Post-Brexit regulation – empowering the MHRA

Chris Whitehouse, a political consultant and expert on medical technology policy and regulation at Whitehouse Communications, chair of the Urology Trade Association, trustee of the Institute of Medical Ethics and a governor of the Anscombe Bioethics Centre, updates readers on the MHRA and post-Brexit regulation.

The summer holidays are upon us and whilst members of Parliament can take a rest from all things medtech for now, work continues behind the scenes on the UK’s new regulatory framework for medical devices. This article takes you through the latest on the MHRA, post-Brexit regulation and what we can expect from the next few months.

Readers will know that much of the regulation of medical devices in the UK derives from EU legislation, as set out in the Medical Devices Regulations 2002.  Since the end of the Brexit transition period, there have been changes to the way medical devices are placed on the market in Great Britain. Through the passing of the landmark Medicines and Medical Devices Act 2021, the MHRA was given the power to design, consult upon and implement a new legislative framework for medical devices.

Development of this framework is underway following an extensive consultation that concluded last year. The MHRA has said that core elements of the new regime will be introduced from July 2025 – two years later than the government had hoped – reflecting the complexity of the task at hand.

Following the recent passing of a statutory instrument (SI), the acceptance of CE marked medical devices in Great Britain has also been extended until 30 June 2028 (for general medical devices compliant with the EU medical devices directive) and 30 June 2030 (general medical devices, including custom-made devices, compliant with the EU medical devices regulation), which will give manufacturers and importers the flexibility to use either the CE mark or UKCA mark for many more years. 

This extension came through a recognition that some patients faced a cliff edge of losing access to products and that industry needed more time to prepare for the transition. Given this long extension, it will be interesting to witness the trend in manufacturers pursuing UKCA mark certification at additional cost over the next year. According to a recent debate, in the year ending March 2023 (prior to the announcement of the extension) an estimated 9% of new medical products registered with the MHRA with the UKCA marking, despite the acceptance of the CE mark.

Close consultation with the medical devices industry has been integral thus far and will continue to be so. Having recently kickstarted their much-delayed industry focus groups, the MHRA are now consulting on post-market surveillance requirements which will set out how problems with devices will be identified and acted upon to protect public health. The legislation that will bring into force these requirements is expected later this year.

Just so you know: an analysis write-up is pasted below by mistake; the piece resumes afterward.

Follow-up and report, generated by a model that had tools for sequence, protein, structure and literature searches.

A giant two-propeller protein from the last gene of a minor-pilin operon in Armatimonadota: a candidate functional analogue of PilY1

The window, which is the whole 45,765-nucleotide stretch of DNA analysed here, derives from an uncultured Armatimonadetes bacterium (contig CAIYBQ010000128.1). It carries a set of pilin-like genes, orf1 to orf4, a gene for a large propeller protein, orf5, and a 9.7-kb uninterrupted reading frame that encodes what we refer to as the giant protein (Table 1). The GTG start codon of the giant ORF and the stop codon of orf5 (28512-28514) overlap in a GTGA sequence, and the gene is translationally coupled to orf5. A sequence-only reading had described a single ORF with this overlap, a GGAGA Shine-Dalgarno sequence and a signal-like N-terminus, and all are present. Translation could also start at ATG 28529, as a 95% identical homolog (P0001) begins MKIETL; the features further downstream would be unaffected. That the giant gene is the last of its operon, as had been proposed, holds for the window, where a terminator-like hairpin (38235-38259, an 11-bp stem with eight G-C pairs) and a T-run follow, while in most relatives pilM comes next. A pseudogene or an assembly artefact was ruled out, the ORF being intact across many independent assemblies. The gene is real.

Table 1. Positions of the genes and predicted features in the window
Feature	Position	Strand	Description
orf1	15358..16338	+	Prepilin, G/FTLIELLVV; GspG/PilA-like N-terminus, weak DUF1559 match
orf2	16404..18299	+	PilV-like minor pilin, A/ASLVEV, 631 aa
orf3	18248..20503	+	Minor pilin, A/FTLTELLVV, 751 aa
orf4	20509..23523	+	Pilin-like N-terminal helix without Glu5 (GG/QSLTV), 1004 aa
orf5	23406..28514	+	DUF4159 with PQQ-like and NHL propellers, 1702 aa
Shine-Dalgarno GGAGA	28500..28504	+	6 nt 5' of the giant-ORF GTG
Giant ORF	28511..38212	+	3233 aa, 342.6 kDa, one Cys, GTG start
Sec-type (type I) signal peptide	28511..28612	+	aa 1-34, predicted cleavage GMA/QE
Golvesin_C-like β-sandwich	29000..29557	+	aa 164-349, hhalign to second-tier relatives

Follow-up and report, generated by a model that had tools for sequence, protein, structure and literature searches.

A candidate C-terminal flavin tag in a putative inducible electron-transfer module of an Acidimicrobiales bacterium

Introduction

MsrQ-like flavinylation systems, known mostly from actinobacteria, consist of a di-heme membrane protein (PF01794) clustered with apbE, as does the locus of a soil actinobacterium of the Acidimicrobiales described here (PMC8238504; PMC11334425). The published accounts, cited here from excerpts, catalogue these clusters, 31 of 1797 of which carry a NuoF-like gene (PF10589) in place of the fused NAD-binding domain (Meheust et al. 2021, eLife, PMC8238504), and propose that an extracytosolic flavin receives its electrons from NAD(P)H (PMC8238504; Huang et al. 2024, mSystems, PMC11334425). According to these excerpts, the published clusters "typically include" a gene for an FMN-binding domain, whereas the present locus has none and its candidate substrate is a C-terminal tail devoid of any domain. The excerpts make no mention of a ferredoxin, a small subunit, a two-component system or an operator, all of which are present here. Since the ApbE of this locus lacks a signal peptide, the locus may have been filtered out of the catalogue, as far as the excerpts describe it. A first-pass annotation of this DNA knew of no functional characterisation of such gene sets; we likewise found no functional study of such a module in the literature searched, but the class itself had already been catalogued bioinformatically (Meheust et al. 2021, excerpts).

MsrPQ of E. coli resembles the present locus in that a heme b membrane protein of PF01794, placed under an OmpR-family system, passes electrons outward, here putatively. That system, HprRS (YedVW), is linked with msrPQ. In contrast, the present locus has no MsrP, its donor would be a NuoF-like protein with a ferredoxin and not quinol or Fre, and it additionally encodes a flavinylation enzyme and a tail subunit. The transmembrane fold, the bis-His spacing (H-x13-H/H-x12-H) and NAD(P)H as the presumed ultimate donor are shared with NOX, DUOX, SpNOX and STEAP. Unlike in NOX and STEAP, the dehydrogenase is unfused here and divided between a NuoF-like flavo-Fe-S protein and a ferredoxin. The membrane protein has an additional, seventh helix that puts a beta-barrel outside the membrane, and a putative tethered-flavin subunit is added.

Be under no illusion that the MHRA is just a regulator, though. Emboldened by the freedoms afforded by Brexit, the Government is seeking to strengthen the agency’s powers and place it at the forefront of promoting patient safety and facilitating access to cutting-edge innovation. Indeed, these elements form two of the five pillars that the new regulatory regime will be built on, as per the Government’s announcement. 

Whether this ambition can be realised will depend largely on two factors: capacity and funding. To transition to the UKCA mark, many manufacturers will have to undergo a conformity assessment by an approved body. But, there are concerns that these bodies do not have the capacity to deal with the sheer number of products that will require certification. The MHRA has assured industry that they are working to improve capacity but until the draft regulations are published, it will be difficult to assess the extent to which these bodies are prepared.

The Spring Budget allocated funding of £10 million to the MHRA over the next two years to help expedite the approval of innovative medical technologies developed in the UK, and to bring these to patients more quickly. The funding will also be used to support the establishment of an international recognition framework, which will see the MHRA partner with regulatory partners in other jurisdictions to bring in technologies already approved in countries such as the US and Japan.

The point of mutual recognition was a key discussion point during the House of Lords debate on the SI back in June. The former health secretary, Lord Lansley, argued that the greatest benefits to patients and public health would be the “progressive harmonisation” of regulation and mutual recognition of conformity assessments around the globe, but particularly within the EU. 

The Government appears receptive to close regulatory alignment with the EU, and the first step to achieving this will be securing EU recognition of the UKCA mark as part of continued negotiations through the UK-EU Trade and Cooperation Agreement.  

The MHRA is planning a further consultation on its future regime from October, and the conclusions drawn from this, as well as the focus groups, will hopefully give industry much needed clarity on the Government’s direction of travel.

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This post originally appeared on TechToday.